As women, we carry a multitude of responsibilities and expectations. We are never “just woman”. Race, education level, career choice, religion, and marital status—all that plays into our identities. It is rare that I FIND safe places for all aspects of my identity to be in balance without having to explain one or the other. For instance, being both black and female always raises the question, “but which are you first?” When it comes to a matter of crime or injustice performed by the hands of a black man to any woman, which side do you choose? Another area is that of my faith and education. Not many people who identify as “Black” leave college with the same understanding of faith and religion as they had before they began. In my case, this is true, but I grew a new and deeper love and appreciation for the faith that was taught to me in my younger years. Because of historical and even contemporary choices made by the Christian church, it is often questioned, “With so much knowledge, how can you practice such a faith?” One area that is often overlooked is marriage. I got married at the tender age of 24 (yes, I was just a baby) and while I was pursuing a Master’s degree and a full time career, I also pursued the life of a full time wife and mother and the responsibilities that come along with such tasks. And these are just what people can see.
Women face so many questions on a daily basis that often make us feel like we have to choose. Sometimes we can find blame in the male dominated society, their social norms and expectations. But we also quarrel among ourselves. As we grapple with both external and internal conflicts, we find ourselves in a place of exhaustion. I was recently told a story of how a very famous literary heroine of mine subscribed to a thought of a particular wave of feminism so strongly that she did not support her daughter’s decision to become a mother and the relationship between writer and daughter has been estranged ever since. Immediately my heart responded, “how can she let a thought that came from the world define her reality with her child?”, because I carry my own preconceptions about womanhood and motherhood. After hearing the explanation behind her thinking, I was able to find a place of understanding although I completely disagree with the concept.
And that’s where I believe most of us fail. We cannot accept differences. We cannot accept that not everyone will think and behave like us. Being a mother, in my opinion, is the hardest yet most joyous role this life has to offer ME. For a long time, I couldn’t understand women who didn’t want to have children. But I have grown to appreciate that though motherhood is a passion that fuels my existence, every woman was created for her own unique purpose and she must therefore fulfill HER purpose, not mine.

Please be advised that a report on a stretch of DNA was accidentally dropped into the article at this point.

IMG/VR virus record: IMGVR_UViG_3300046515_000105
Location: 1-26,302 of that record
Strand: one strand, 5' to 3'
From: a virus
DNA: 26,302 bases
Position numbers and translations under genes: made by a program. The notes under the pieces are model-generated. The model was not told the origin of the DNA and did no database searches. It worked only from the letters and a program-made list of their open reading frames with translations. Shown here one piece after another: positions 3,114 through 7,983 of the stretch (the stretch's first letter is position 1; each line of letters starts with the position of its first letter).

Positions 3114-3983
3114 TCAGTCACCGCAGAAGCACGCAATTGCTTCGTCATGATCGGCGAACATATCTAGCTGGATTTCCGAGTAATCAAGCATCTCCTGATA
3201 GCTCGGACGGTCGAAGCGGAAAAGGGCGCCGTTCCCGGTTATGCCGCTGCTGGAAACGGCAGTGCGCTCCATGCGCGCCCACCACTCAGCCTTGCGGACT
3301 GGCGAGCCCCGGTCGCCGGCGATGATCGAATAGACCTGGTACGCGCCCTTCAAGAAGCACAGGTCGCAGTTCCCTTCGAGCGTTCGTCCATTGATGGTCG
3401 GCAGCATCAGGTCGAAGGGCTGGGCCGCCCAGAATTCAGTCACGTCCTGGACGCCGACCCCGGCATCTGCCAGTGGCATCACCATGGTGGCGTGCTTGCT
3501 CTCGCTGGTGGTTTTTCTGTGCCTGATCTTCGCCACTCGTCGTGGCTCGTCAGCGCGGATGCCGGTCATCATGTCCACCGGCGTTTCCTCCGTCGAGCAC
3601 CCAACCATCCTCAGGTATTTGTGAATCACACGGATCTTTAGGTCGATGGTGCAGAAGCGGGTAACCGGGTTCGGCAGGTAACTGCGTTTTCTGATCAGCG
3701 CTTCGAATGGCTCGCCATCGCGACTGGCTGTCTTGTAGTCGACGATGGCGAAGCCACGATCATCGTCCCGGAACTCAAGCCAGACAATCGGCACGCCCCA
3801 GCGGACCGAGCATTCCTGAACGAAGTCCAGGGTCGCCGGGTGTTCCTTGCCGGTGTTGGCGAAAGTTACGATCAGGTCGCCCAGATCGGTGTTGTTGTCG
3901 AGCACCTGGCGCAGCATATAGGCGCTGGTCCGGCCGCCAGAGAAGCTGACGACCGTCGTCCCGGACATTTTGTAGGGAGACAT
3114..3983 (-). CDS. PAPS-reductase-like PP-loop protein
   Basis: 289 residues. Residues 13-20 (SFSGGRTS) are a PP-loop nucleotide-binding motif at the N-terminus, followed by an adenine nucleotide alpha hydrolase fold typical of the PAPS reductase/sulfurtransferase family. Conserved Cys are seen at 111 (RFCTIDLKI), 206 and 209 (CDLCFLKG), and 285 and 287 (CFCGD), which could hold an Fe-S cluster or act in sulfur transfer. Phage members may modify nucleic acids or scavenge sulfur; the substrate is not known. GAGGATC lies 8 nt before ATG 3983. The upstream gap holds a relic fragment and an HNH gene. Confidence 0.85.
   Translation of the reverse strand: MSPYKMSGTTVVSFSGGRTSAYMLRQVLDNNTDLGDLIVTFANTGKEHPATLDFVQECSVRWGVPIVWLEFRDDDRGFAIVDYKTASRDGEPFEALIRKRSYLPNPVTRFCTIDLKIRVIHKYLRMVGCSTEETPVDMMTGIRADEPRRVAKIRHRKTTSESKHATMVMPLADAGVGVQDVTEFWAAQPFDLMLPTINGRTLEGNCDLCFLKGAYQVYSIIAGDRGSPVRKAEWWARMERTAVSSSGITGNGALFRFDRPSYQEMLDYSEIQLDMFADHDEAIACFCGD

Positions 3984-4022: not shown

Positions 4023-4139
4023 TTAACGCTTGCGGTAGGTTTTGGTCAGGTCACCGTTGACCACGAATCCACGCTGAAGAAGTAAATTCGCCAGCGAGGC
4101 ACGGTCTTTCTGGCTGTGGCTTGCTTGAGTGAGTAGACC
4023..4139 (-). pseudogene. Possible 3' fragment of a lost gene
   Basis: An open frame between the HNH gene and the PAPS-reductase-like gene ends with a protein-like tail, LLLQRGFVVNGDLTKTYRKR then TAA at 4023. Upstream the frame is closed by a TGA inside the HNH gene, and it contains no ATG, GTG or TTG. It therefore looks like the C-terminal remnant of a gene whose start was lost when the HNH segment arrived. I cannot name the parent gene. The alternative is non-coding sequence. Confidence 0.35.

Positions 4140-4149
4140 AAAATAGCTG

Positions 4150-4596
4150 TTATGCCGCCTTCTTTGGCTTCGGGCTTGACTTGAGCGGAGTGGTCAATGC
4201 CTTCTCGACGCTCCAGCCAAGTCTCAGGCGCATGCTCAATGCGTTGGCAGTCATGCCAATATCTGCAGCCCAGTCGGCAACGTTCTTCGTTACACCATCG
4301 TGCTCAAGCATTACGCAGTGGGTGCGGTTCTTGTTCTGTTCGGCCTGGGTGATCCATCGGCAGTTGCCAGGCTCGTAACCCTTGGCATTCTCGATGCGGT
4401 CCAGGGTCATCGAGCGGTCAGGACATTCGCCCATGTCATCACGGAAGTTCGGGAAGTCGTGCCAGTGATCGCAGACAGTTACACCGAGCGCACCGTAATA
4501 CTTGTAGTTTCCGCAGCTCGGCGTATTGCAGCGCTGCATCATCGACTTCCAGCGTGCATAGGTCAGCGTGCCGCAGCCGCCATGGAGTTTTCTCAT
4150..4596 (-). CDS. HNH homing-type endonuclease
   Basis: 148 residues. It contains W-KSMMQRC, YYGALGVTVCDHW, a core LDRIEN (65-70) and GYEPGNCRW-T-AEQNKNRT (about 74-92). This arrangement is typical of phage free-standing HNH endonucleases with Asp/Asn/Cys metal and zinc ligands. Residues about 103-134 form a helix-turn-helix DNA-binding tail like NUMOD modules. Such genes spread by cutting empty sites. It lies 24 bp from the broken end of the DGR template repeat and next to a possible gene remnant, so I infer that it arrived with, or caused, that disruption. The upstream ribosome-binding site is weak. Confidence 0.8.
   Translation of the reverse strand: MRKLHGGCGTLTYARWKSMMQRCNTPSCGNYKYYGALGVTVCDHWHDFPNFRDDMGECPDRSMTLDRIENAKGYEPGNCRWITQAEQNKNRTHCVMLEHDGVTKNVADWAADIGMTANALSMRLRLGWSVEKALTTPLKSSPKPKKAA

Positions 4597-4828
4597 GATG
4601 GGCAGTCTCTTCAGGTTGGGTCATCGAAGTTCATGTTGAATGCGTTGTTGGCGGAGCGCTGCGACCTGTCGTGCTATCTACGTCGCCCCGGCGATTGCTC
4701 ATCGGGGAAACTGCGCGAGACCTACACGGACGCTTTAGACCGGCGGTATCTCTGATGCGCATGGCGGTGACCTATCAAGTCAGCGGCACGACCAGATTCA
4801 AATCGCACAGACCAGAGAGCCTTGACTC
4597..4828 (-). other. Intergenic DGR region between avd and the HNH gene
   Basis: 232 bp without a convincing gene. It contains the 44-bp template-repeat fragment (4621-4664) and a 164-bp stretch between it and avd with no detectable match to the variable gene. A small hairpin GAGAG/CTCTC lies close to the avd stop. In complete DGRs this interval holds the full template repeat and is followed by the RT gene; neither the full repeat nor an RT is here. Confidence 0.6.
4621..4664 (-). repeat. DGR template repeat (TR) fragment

The comfort in all of this confusion is and has been, for me at least, that while women do experience difficulties in finding our rightful place, it is often the presence and support of other women that gives us the strength to keep fighting, keep moving forward, and keep defining for ourselves who we are and our place in this world. I was blessed to be born into a family with such strong women who hardly ever needed anyone to tell them who they were, what they should do or where they should go. As I grew into adulthood and began navigating life for myself, God blessed me, again, with a family I chose to encourage, uplift, motivate, and correct me through this phase of life.
I struggled with being enough of everything for everyone. I wore a yoke of perfection that constantly bore me down with feelings of inadequacies, failures, and discontentment. But I’m not there anymore. I openly receive the love from my Heavenly Father and the belief that He made me just the way He wanted me to be. I relish in the glory of all that I have and have yet to accomplish because my life-my story—doesn’t have to fit the narrative of the people I like and love and those that like and love me. My permission to live began when God formed me. Not when society defined how much percentage of African heritage made you Black. Or when the education system defined how much money one would make based on the letters behind their name. Or when cultures defined the depths of my woman-ness by my desire or lack thereof to bare children, how many, and if I would simultaneously pursue a thriving career.
I don’t know if you are struggling with the same things, or even something similar. But I wanted to encourage every woman who feels like all she is doing is not enough to know that it is. We will always have room for growth and improvement. Change is an inevitable part of life that we must learn to embrace. But when you feel the pressures of people forcing you to confine who you are, understand that your life was not created to be managed by other people.
You are free to be, to love, to live, to thrive, to fail, to try again. Throw away the permission slips and start living your best life.